London Bridge attack politicised as second victim identified

Dad Of London Terror Victim Slams UK Media For Using His Son's Death As “Vile Propaganda”

London Bridge terror attack: Cambridge University vice chancellor defends 'extraordinary' prisoner rehab scheme attended by Usman Khan

Police officers stand behind the cordon at the scene of a stabbing near London Bridge, in which two people were killed, in London, England, November 30, 2019.

Khan is dead, one is still in prison and another was convicted for a further terror plot - leaving six back on the streets, it is believed.

Following Friday's attack, the prime minister has promised a tougher stance on the release of prisoners if his ruling Conservative Party wins the general election on December 12.

The Mayor of London, Sadiq Khan, said: "Like many, I will never forget the bravery of ordinary Londoners and the emergency services who risked their own lives to save others. And it's also by drawing inspiration from the lives of Jack and Saskia, who from an early age chose to dedicate themselves to helping others".

A minute's silence was observed at Guildhall Yard in central London and Cambridge.

The UK paid tribute to victims of Friday's terror attack in London as politicians, friends and family gathered with members of the public in the British capital and Cambridge on Monday.

Williamson told Sky News that Lukasz, wielding the tusk, fought one-on-one with Khan for about a minute and suffered cuts on his arm, but didn't "flinch for a moment".

The attack has pushed security to the top of the agenda in the election campaign.

Convicted of terror offences in February 2012, he was released from prison on licence in December 2018, halfway through his 16-year prison sentence.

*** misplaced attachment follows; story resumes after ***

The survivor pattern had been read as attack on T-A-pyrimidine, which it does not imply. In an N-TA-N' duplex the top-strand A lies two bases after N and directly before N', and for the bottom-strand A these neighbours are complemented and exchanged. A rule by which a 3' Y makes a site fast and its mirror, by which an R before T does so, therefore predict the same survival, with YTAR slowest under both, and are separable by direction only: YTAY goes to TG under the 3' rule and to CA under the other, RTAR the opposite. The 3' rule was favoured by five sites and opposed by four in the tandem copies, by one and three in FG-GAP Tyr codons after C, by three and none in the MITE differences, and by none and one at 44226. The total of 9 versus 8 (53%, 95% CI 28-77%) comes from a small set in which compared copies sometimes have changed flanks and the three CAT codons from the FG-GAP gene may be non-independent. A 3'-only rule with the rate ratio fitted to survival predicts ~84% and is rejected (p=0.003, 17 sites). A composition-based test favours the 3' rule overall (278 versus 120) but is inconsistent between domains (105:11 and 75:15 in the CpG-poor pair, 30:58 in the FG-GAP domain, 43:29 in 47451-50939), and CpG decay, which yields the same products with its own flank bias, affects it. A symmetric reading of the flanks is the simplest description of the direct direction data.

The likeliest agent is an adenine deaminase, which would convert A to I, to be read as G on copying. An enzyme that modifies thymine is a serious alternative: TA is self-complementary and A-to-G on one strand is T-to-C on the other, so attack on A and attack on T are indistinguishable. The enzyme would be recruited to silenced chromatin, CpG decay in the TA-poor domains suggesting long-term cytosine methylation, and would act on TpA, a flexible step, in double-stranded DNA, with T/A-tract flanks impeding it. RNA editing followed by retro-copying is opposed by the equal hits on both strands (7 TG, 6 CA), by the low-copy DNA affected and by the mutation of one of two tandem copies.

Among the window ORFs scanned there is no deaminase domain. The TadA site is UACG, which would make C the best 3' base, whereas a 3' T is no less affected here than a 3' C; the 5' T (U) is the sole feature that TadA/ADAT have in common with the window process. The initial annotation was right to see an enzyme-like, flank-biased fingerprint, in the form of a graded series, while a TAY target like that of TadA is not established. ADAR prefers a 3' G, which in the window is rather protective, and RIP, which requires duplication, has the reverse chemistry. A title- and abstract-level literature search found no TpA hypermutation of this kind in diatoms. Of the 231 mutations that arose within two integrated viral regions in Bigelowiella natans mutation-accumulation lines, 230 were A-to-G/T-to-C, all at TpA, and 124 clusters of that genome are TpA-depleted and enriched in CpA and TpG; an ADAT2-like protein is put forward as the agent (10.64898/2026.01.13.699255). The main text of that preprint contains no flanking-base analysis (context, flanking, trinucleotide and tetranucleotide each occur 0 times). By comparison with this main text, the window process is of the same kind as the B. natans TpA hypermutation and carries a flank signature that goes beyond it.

Billions of pounds have been stripped from British public finances over the last 10 years, during which the ruling Conservative Party has sought to reduce public debt by shrinking state-run services.

However, the Monday papers in the United Kingdom - including the Daily Mail and The Express - reported on a "terror blitz", following orders from Prime Minister Boris Johnson to "crack down on extremists" in the wake of the attack. Jack Merritt, 25, and Saskia Jones, 23, who both died in the attack, worked as coordinator and volunteer respectively.The Ministry of Justice declined to comment.

The family of Mr Merritt also cautioned against knee-jerk responses.

"We know Jack would not want this bad, isolated incident to be used as a pretext by the government for introducing even more draconian sentences on prisoners, or for detaining people in prison for longer than necessary", they said in a statement.

"Don't use my son's death, and his and his colleague's photos to promote your vile propaganda", Merritt said on Twitter.

"Jack stood against everything you stand for - hatred, division, ignorance", he said.

The assailant, identified by authorities as Usman Khan, 28, was attending an event hosted by Learning Together on Friday when the attack occurred.

Corbyn said Conservative cuts to community policing, probation, mental health, youth and social services could "lead to missed chances to intervene in the lives of people who go on to commit inexcusable acts". Police said on Monday he had been returned to prison for breaching his release conditions.

"I am devastated to learn that today's hateful attack on London Bridge may have been targeted at staff, students and alumni attending an event organised by the University of Cambridge's Institute of Criminology". The group did not provide any evidence.

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